He is a straight-talking advocate for the Constitution and will argue that any judicial precedents are invalid. He understands that the court’s precedents should not be privileged over the text of the Constitution.  

Many of Thomas’ opinions reflect his commitment to the three-part structure of the federal government and the separation of powers. This meant calling on the court to reconsider a series of precedents in 2015 that allowed too much discretion for administrative agencies. These had become an unaccountable fourth branch of government. 

The Constitution guarantees individual rights protection.

As the court handed down separation of powers victories in 2020 and again this year, it was clear that Thomas has been a step ahead of the court in identifying what needed to be done to preserve the Constitution’s design that divides government power in order to protect individual rights.  

There has never been a more persistent justice in calling for protection of the individual rights guaranteed by the Constitution. In Printz v. United States, he argued that the Second Amendment does not protect an individual’s rights to bear arms. He was even a forerunner of one of the greatest developments in constitutional legal law. It was more than 10 years before Heller v. District of Columbia. (2008) It does. This term, the court will decide New York State Rifle & Pistol Association v. Bruen, a case that presents one of the most significant Second Amendment issues since Heller.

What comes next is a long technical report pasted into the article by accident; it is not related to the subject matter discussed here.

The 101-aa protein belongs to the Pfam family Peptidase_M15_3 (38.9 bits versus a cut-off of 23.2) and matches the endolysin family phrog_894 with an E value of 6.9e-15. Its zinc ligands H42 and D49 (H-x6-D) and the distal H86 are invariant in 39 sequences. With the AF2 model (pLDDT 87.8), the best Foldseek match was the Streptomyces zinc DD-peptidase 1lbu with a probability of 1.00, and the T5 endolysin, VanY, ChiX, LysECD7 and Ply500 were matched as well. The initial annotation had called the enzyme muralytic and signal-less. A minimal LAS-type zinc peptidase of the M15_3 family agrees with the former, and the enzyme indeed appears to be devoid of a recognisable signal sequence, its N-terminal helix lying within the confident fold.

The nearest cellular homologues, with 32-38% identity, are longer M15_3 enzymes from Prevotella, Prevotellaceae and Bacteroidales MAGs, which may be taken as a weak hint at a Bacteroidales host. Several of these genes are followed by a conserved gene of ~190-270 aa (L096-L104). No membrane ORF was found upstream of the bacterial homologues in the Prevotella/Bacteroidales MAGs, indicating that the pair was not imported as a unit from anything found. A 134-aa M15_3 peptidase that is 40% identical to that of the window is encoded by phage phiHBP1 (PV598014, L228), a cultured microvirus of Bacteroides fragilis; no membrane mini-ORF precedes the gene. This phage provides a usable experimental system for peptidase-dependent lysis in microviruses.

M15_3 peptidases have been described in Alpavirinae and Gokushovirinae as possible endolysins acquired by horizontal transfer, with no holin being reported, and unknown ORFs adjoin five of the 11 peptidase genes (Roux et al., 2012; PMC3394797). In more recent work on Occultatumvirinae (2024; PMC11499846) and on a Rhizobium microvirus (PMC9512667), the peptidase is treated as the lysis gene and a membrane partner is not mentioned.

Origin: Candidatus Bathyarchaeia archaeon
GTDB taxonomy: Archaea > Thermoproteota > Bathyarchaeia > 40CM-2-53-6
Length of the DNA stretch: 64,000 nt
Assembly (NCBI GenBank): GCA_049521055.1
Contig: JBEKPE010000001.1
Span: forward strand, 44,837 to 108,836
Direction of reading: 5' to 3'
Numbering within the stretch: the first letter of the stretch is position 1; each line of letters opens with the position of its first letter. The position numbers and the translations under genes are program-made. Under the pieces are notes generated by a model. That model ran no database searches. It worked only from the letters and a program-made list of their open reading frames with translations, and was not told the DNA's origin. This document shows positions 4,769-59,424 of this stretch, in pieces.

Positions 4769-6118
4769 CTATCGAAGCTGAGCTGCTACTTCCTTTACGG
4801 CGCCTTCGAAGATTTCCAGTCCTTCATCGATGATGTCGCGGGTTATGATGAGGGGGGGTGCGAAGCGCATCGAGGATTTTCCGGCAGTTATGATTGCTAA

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Where the Constitution is silent, Thomas calls out attempts to take issues away from the people, which the court’s abortion jurisprudence flagrantly has done. Thomas is the sitting justice that has called for Roe v. Wade (1973), and Planned Parenthood (1992). He has done that consistently after being a dissenter in Casey, from the court’s consideration of partial-birth abortion statutes in 2000 and 2007 to its decisions on medical regulations designed to protect women from unsafe clinics and abortionists in 2016 and 2020.  

Justice Thomas is not only bold but prolific. He has written many more opinions over the years than his coworkers in five years. His ability to anticipate is even more important. Justice Thomas consistently shows foresight by identifying areas in which the court can be more faithful to the Constitution. 


Three new justices were added to the Supreme Court in recent years. This resulted in the court achieving an originalist majority, which was the first in modern memory. The Supreme Court saw its longest-running term in over 50 years, and all major cases were decided without the usual judicial activism.  

It is an honor for all who believe in the constitutional government to see Thomas finally get his moment on a bench he can call his own.